The north west was the region where NHS apprenticeships saw their biggest fall last year, as they dramatically dropped by nearly half, new figures have revealed.
As previously reported by FE Week, the health service had a total of 19,820 apprenticeship starts in the 2015/16 academic year, but this fell by 22 per cent to 15,532 in 2016/17.
Health minister Stephen Barclay has now divulged the regional figures in an answer to a parliamentary question tabled by shadow skills minister Angela Rayner.
Numbers for the north west show apprenticeship starts fell by 49 per cent between the two years, from 3,451 to 1,747.
The second largest drop was in neighbouring region the north east, which went from 1,239 to 750 (a 39 per cent fall), followed closely by the east midlands, which saw its apprenticeship figures decrease by 38 per cent, from 1,890 to 1,167.
Going in the other direction however was north, central and east London which increased its starts by a whopping 34 per cent, from 814 in 2015/16 to 1,087 in 2016/17.
The only other region to go up was Yorkshire and Humber, which rose 9 per cent, from 1,421 to 1,545 starts.
The release comes ahead of the next oral evidence session on nursing apprenticeships, being held by the education select committee on July 17.
Witnesses will include skills minister Anne Milton, as well as Mr Barclay – whose new boss is former skills minister Matt Hancock, who took over from Jeremy Hunt as health secretary following a recent government mini-reshuffle.
Also set to appear is Jane Belfour, deputy director for routes into apprenticeships and work at the Department for Education, and professor Ian Cumming, chief executive of the Department of Health and Social Care.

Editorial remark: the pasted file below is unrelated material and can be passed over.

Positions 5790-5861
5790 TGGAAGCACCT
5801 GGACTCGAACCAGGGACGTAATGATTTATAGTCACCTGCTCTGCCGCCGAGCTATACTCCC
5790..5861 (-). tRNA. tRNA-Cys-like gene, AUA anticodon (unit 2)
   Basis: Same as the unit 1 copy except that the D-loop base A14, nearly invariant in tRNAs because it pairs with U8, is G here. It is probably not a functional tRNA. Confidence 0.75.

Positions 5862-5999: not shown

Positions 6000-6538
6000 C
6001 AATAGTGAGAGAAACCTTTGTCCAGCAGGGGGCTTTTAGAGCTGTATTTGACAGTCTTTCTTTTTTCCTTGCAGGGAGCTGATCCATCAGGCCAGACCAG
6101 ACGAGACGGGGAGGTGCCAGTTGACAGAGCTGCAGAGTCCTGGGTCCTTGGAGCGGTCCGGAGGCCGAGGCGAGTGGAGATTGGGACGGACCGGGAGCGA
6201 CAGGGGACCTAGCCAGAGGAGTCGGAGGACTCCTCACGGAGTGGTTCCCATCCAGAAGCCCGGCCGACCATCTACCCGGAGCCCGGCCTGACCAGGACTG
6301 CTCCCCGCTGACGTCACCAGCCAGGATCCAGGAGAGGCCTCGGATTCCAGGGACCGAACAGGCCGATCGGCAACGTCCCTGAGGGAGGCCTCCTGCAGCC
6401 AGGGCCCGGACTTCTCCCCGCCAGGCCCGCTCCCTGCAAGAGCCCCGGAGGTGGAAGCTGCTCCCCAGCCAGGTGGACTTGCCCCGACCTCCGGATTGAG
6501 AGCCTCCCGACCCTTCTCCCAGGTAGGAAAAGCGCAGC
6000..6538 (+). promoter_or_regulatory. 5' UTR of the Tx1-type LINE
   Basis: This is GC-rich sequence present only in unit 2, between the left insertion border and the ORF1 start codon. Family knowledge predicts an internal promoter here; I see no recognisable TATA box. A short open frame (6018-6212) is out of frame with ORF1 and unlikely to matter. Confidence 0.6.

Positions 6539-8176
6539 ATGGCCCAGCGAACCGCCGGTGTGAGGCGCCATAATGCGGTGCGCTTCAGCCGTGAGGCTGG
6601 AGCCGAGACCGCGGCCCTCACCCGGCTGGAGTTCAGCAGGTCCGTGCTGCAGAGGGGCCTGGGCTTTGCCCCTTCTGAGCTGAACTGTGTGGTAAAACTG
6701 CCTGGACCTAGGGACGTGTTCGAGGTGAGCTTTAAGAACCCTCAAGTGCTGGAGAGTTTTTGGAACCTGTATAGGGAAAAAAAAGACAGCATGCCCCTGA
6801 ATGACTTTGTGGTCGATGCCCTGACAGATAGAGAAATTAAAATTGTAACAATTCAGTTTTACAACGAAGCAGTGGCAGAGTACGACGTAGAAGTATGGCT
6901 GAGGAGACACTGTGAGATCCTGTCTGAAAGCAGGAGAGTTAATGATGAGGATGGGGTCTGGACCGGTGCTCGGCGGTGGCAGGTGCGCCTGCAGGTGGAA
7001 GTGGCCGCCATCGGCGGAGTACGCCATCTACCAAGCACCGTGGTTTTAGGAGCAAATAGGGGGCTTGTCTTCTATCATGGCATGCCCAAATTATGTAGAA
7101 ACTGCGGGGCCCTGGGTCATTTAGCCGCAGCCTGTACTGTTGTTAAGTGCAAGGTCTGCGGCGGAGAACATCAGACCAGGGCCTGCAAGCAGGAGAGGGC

Increasing the amount of NHS apprentices has been an important government goal since 2016, when Mr Hunt pledged to create a further 100,000 starts in the sector by 2020.
The government hopes that degree apprenticeships will help solve nursing shortages across the country. It is hoped that more trainees will be encouraged into nursing, as they receive wages while they train rather than having to pay towards the traditional degree route.
But NHS leaders have warned that its starts target will be missed without urgent reform the apprenticeship levy.
As revealed by FE Week last month, the number of people starting an apprenticeship with the NHS has fallen by more than third over the last two financial years.
The health service is subject to a public-sector target, and needs to ensure at least 2.3 per cent of its workforce starts an apprenticeship every year.
It had to achieve 27,500 starts in 2017-18 alone to meet this.
But things have not gone to plan, with just 12,611 apprenticeship starts last year.